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Is it within TCP standard that multiple messages, sent from server to client in a row, will be accepted by client at same order (and bytes of one message will not be scattered within other messages)?

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3 Answers 3

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TCP provides an in-order byte stream delivery service. The bytes won't arrive in another order but the number of writes need not be equal to the number of reads.

  • You will never read bytes in another order than that in which they were sent
  • You can make no assumptions on "messages". TCP doesn't know about messages, only bytes (see above). Both the sender and the receiver can coalesce and split such "messages"
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As I thought, but in our game 2 of 3 players with slow Wi-Fi connection cannot proceed initialization when server sends two messages in a row each with size ~75000 bytes - their bytes are mixed between each other. All other time server sends very small messages (~100 bytes) to each client's message. Sending that "fat" messages each after client's request fixed the problem, but I want to know why it could happen? –  Slav Jul 9 '12 at 9:13

TCP uses a sequence number to identify each byte of data. The sequence number identifies the order of the bytes sent from each computer so that the data can be reconstructed in order, regardless of any fragmentation, disordering, or packet loss that may occur during transmission.

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I agree with @cnicutar.

How are you deserializing the objects? I suspect the problem lies there.

For example if your messages are like

ABCD followed 200 ms later by PQR. It may appear as:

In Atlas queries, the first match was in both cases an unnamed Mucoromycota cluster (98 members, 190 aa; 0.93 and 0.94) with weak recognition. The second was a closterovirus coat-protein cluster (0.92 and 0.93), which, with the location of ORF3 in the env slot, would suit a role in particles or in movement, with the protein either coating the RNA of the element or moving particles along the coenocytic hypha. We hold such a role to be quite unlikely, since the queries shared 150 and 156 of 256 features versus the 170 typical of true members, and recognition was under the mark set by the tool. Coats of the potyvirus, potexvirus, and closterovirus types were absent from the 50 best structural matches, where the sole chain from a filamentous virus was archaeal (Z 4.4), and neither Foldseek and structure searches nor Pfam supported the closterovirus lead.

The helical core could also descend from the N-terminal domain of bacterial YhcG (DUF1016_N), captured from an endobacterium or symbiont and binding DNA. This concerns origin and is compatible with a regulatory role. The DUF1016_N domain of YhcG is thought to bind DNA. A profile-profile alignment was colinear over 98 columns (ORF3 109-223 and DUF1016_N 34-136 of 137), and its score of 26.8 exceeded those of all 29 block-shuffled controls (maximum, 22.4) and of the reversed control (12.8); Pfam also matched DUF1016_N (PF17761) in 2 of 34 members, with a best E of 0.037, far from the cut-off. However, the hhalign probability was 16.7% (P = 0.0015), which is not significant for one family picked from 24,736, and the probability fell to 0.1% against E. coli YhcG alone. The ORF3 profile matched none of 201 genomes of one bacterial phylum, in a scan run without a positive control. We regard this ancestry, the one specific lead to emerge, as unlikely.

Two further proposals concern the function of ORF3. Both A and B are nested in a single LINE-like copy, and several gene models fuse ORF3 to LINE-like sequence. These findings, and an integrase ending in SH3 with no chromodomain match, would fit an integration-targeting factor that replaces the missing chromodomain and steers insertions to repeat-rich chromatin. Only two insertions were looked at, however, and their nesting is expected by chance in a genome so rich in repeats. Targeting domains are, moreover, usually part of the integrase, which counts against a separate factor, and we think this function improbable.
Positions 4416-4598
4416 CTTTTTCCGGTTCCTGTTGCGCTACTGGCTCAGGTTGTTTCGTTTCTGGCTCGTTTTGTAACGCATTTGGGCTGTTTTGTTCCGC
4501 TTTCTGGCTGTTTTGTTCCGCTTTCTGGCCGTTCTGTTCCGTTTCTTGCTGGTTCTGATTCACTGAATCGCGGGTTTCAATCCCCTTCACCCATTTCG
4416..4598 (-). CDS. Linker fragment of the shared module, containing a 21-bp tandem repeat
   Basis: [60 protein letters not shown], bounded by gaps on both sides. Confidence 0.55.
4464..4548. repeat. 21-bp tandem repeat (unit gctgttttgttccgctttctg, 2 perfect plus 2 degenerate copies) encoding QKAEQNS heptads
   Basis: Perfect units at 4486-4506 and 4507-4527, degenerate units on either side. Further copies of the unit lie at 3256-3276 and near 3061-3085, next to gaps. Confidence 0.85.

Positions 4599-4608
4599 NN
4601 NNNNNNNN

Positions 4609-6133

• ABC followed by PQR
  • or ABCDPQR
  • or even AB followed by CD followed by PQ followed by R.

Basically you cannot make assumptions based on time of receiving the data.

The deserialization logic should know the object boundaries within a stream of bytes. This information should be encoded into the stream by the serialization logic.

If you are using Java, you can use ObjectInputStream & ObjectOutputStream and not be bothered about serialzation issues.

J2ME Polish has a good serialization utility that can be very easily ported to other platforms. I have myself used it in live environment.

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I prepend each message with integer value representing message's length and accept it and remove from buffer only when it is wholly accepted. –  Slav Jul 9 '12 at 11:37
    
It looks like ABCD and PQR messages accepted by socket something like "APBCQRD". –  Slav Jul 9 '12 at 11:38
    
That's strange. Are multiple threads writing to the socket at the same time? –  Dojo Jul 9 '12 at 11:42
    
Nope, single thread for even all clients (I use ASIO on server side). Client is Flash, that's why I want to know first is it standardized by TCP to keep different messages apart before posting a bug (if there is some). Really, I am doubt about Flash' bug at least because AS3's socket is just a superstructure upon WinSock - isn't it? –  Slav Jul 9 '12 at 12:40

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